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51 Cards in this Set

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  • Back
What are the five major types of genetic disorders?
Single gene
somatic cell
What is the 2 hit hypothesis?
Cancer requires mutations in at least 2 genes. One hit may be inherited already in genes passed generation to generation. In this instance cancer will only require one hit.
What is Mendels first law?
For any given train, progeny inherit 2 alleles, one from each parent. Interaction between these alleles determines the trait.
Each parent randomly passes on one of these alleles to their offspring.
Segment of DNA that encodes a specific protein
Physical region on a chromosome that has DNA that contains a specific gene
Alternative forms of a gene that differ in sequence
What is Mendel's 2nd law?
Law of Independent Assortment - alleles of genes at 2 different loci segregate independently from one another
What is the exception to mendel's 2nd law?
It is not true for genes that lie close to one another, genes can be inherited in blocks together.
What is a chromosome?
single molecules of DNA complexed with proteins that carry our genes. 46 total, 23 pairs.
How many gene segregation events are needed in the human?
Only 23, instead of thousands, thanks to chromosomes.
Non gamete forming cells that are diploid
Somatic cells
Cells responsible for production of gametes
germline cells
Sperm and ova, haploid cells
Fustion of 2 gametes, diploid
2 copies of each chromosome, 46 in humans
one copy pf each chromosome
paired chromosome during meisosi, one from each parent, that are not identical but only a few base pairs different
Homologous chromosomes
2 identical duplicated chromosomes joined by a centromere
sister chromatids
the number of copies of chromosomes - haploid, diploid, tetraploid
Any number of chromosomes that is not an exact multple of haploid number, ie not a multiple of 23, like trisomy and monosomy
Synapse occurs during what stage of meiosis
prophase 1, forming bivalent tetrads
at what stage do precursor oocytes mature to?
metaphase I of meiosis
When are recombinases expressed
During synapsis of prophase I, catalyzing reciprocal exchange of parts of one chromosome for another, ie crossing over
chromosomes wrap DNA material around these for protection
Histones further into these units
This DNA conformation is seen when cell is not dividing
Extended conformation
Each molecule is approximately 10 million base pairs
Two rings, A or G
One ring, T or C
Why is DNA semi-conservative?
Each resulting molecule from replication contains one new strand and one old strand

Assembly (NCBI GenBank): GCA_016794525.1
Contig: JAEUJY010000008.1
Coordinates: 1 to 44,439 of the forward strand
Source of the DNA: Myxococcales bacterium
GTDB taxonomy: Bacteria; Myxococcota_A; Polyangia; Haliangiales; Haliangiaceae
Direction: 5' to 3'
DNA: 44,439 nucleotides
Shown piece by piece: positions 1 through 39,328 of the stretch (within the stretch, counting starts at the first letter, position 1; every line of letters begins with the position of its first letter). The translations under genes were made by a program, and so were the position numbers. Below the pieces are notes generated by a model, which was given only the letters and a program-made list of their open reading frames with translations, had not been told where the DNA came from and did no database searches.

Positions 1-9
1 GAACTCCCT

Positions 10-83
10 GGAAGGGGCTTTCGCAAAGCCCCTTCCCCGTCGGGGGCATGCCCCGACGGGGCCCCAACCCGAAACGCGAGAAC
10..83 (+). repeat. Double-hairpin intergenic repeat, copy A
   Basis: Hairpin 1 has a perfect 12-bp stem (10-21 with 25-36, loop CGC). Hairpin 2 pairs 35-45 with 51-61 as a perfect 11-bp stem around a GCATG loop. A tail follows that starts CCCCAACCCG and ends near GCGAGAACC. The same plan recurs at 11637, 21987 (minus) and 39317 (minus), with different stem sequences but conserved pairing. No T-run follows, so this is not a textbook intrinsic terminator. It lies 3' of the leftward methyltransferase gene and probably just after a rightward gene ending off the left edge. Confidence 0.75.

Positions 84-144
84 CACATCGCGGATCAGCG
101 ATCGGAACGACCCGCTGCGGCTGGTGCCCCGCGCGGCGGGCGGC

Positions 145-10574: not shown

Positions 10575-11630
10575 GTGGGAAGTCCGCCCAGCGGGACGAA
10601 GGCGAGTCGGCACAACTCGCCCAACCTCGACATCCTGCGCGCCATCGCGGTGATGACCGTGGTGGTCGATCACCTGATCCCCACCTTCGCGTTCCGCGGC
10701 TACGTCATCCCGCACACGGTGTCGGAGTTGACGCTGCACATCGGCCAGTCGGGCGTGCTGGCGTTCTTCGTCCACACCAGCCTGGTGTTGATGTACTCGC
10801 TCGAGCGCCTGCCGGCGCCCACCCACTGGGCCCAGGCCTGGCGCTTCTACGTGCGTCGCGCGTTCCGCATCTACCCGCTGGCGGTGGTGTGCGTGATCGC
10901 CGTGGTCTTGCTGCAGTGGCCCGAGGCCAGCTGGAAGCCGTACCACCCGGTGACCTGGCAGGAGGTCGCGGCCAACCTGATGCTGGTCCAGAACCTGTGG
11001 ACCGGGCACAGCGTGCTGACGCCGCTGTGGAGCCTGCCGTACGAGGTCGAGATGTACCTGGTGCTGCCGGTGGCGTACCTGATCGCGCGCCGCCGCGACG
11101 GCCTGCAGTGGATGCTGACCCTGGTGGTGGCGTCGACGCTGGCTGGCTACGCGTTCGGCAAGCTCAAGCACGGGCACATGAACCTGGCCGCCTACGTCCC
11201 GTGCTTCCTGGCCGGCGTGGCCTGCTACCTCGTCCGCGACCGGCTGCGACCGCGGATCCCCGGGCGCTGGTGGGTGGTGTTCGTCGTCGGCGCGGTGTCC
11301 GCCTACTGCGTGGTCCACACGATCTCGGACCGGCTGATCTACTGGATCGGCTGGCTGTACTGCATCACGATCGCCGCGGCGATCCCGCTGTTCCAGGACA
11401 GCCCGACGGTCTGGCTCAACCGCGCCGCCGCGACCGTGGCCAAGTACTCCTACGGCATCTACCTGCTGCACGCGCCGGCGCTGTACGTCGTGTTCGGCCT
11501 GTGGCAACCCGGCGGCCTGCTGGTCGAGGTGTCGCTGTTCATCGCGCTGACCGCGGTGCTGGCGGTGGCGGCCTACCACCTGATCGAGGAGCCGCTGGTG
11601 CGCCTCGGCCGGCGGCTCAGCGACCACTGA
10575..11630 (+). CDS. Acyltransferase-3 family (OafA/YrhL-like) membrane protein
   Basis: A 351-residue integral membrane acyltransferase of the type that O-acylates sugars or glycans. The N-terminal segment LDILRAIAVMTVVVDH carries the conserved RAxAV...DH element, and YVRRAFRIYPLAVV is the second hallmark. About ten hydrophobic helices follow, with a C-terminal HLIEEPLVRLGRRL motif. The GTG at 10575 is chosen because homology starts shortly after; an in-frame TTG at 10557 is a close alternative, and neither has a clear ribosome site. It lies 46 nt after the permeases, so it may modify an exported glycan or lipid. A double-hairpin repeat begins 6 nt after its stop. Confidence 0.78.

What causes disease in genetic disorders?
Changes in protein level/activity. Changes in DNA lead to changes in proteins.
A region of DNA that specifies a trait

*There are some genes that encode RNA that is not transcribed
4 Basic Elements of a Gene
Promoter, Coding Sequences, Intervening sequences, Structural regions
Controls amount of mRNA produced
Gets transcribed into proteins
Coding sequence, Exon
Gets spliced out of mRNA
Intervening sequence, Intron
Contains promoter and untranscribed 5' and 3' regions
Structural region
The site where RNA polymerase binds, thus determining trascriptional start site a specified number of bases from the TATA box
Basal promoter
Help control access to polymerase binding site
Enhancers and Tissue Specific Elements
In mRNA - it's U instead of what?
RNA polymerase can bind to promoter of any gene unless the site is occupied by a repressory
Open conformation transcriptional control, as seen in prokaryotes
In order for RNA polymerase to bind, activators must bind to enhancer site within the promoter and unwind DNA by phosphorylating or acetylating the histones
Eukaryotic transcriptional control
What three things must be done before mRNA is ready to go?
Introns spliced out, polyadenylation, and capping.
Mutations at this point are especially severe
At splice junctions. It will allow intons to remains in mature RNA and disrupt all following processes.
The translational start site
AUG - encoding methionine
3 bases read by ribosome at one time, producing amino acids to add to polypeptide chain
Codons are read by this substance that transfers a specific AA to it's "anti-codon" message
How many binding sites for tRNA do ribosomes have?
Translation does not yield this
An active protein. It must be folded and placed with other peptides to become fully active.
Cleavage, lipidation, phosphorylation, glycosylation, and sulfation are all forms of this
Post-translational modification of a protein